StylingBootstrap offers classes like .badge, .badge-pill, etc. for styling and visual cues.
CustomizationBadges scale, Colors, sizes, text styles, borders, and more can be customized using CSS for unique designs.
Advanced TechniquesGradients, animations, custom shapes, dynamic content, popovers, and integration with JavaScript for enhanced functionality.
Common Use CasesHighlighting new items, indicating status (e.g., “active”, “sold out”), displaying notifications, showing progress (e.g., task completion), and marking special offers.

Now with that in mind, let’s learn more about Badges in bootstrap.

Basic Usage

Before we dive into the various styles and customization options available for Bootstrap badges, let’s first understand how to include Bootstrap in your project and create a basic badge.

Adding Bootstrap to Your Project

To use Bootstrap badges in your project, you need to ensure that Bootstrap is properly integrated. There are two ways to include Bootstrap in your project: by downloading and including the Bootstrap files in your project directory or by linking to the Bootstrap CDN (Content Delivery Network).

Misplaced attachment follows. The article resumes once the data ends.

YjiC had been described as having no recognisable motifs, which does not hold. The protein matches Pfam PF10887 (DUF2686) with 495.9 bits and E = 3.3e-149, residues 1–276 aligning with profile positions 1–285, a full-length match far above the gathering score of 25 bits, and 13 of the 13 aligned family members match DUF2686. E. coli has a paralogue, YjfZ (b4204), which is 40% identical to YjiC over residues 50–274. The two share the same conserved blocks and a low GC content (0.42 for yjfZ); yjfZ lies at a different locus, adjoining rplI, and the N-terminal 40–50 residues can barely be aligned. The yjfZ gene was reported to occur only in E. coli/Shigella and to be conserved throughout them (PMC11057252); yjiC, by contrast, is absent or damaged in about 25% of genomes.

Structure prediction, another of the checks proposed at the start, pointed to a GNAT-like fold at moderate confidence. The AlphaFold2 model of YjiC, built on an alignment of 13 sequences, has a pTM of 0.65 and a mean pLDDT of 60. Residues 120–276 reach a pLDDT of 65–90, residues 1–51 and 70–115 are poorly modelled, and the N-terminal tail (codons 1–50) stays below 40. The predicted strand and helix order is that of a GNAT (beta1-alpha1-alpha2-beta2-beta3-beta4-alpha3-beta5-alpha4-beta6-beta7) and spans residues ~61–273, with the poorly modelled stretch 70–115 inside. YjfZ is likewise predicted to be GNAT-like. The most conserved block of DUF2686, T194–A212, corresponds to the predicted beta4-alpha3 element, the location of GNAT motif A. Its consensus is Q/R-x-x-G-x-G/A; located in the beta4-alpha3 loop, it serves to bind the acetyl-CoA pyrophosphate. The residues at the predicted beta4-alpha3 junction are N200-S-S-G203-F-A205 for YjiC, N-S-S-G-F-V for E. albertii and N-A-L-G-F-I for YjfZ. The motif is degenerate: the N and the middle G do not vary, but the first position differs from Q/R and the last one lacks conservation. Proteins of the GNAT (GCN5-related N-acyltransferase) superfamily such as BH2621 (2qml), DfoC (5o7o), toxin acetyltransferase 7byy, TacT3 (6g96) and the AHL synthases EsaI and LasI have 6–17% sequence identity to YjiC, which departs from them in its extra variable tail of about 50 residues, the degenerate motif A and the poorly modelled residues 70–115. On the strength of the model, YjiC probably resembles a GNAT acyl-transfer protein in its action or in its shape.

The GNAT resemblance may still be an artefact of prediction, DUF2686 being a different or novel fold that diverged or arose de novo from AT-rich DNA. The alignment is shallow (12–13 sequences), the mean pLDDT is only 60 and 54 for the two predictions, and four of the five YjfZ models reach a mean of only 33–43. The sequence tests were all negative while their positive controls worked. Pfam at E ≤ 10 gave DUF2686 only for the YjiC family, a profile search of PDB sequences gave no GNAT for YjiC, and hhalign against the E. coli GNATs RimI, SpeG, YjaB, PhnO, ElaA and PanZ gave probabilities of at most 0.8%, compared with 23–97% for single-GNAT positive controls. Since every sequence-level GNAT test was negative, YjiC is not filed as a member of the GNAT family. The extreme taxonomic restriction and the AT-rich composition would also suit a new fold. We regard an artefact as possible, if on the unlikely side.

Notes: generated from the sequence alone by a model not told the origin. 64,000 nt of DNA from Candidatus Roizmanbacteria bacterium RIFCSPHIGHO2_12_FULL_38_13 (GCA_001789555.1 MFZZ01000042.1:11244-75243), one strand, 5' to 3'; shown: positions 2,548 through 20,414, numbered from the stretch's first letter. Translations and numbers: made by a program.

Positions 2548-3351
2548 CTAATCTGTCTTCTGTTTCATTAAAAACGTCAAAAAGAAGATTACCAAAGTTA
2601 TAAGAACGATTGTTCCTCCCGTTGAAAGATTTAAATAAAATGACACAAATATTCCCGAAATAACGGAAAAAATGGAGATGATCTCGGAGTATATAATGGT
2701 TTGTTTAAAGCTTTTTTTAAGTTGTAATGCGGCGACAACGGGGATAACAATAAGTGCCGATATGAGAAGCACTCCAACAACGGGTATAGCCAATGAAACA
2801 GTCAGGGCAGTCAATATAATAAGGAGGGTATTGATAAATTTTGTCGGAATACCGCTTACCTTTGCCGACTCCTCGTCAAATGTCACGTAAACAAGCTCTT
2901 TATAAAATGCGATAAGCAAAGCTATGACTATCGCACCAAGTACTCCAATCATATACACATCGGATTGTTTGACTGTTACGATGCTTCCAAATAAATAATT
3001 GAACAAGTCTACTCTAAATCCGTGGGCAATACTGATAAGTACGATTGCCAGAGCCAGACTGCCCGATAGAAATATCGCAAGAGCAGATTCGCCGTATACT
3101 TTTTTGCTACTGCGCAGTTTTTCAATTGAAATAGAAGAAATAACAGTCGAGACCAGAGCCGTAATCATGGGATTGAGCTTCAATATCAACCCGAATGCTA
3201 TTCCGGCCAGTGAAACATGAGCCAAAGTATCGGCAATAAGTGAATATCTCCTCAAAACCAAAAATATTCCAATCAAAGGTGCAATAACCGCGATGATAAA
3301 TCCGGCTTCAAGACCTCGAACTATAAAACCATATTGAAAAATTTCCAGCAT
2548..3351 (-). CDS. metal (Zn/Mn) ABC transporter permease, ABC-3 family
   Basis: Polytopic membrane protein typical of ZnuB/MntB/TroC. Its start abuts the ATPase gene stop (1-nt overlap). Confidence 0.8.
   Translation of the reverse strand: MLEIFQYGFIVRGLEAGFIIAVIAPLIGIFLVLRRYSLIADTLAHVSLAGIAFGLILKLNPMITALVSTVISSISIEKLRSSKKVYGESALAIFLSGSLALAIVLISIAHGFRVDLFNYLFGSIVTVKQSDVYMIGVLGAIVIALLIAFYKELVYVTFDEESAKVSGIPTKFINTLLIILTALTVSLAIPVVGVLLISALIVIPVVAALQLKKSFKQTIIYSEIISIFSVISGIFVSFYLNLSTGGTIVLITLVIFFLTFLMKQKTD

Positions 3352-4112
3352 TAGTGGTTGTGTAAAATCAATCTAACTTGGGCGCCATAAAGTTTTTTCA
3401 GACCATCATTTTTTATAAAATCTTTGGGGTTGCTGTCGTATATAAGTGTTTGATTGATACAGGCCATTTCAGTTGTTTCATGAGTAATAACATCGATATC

Using Bootstrap via CDN is often the easier and more convenient option. Here’s an example of how to include Bootstrap CSS and JavaScript files by linking to the Bootstrap CDN:

<!-- Bootstrap CSS -->
<link href="https://cdn.jsdelivr.net/npm/bootstrap@5.3.2/dist/css/bootstrap.min.css" rel="stylesheet" integrity="sha384-T3c6CoIi6uLrA9TneNEoa7RxnatzjcDSCmG1MXxSR1GAsXEV/Dwwykc2MPK8M2HN" crossorigin="anonymous">

<!-- Bootstrap JS -->
<script src="https://cdn.jsdelivr.net/npm/bootstrap@5.3.2/dist/js/bootstrap.bundle.min.js" integrity="sha384-C6RzsynM9kWDrMNeT87bh95OGNyZPhcTNXj1NW7RuBCsyN/o0jlpcV8Qyq46cDfL" crossorigin="anonymous"></script>

By including these lines of code in the <head> section of your HTML file, you will have access to all the necessary Bootstrap files for using badges and other Bootstrap components.

Creating a Basic Badge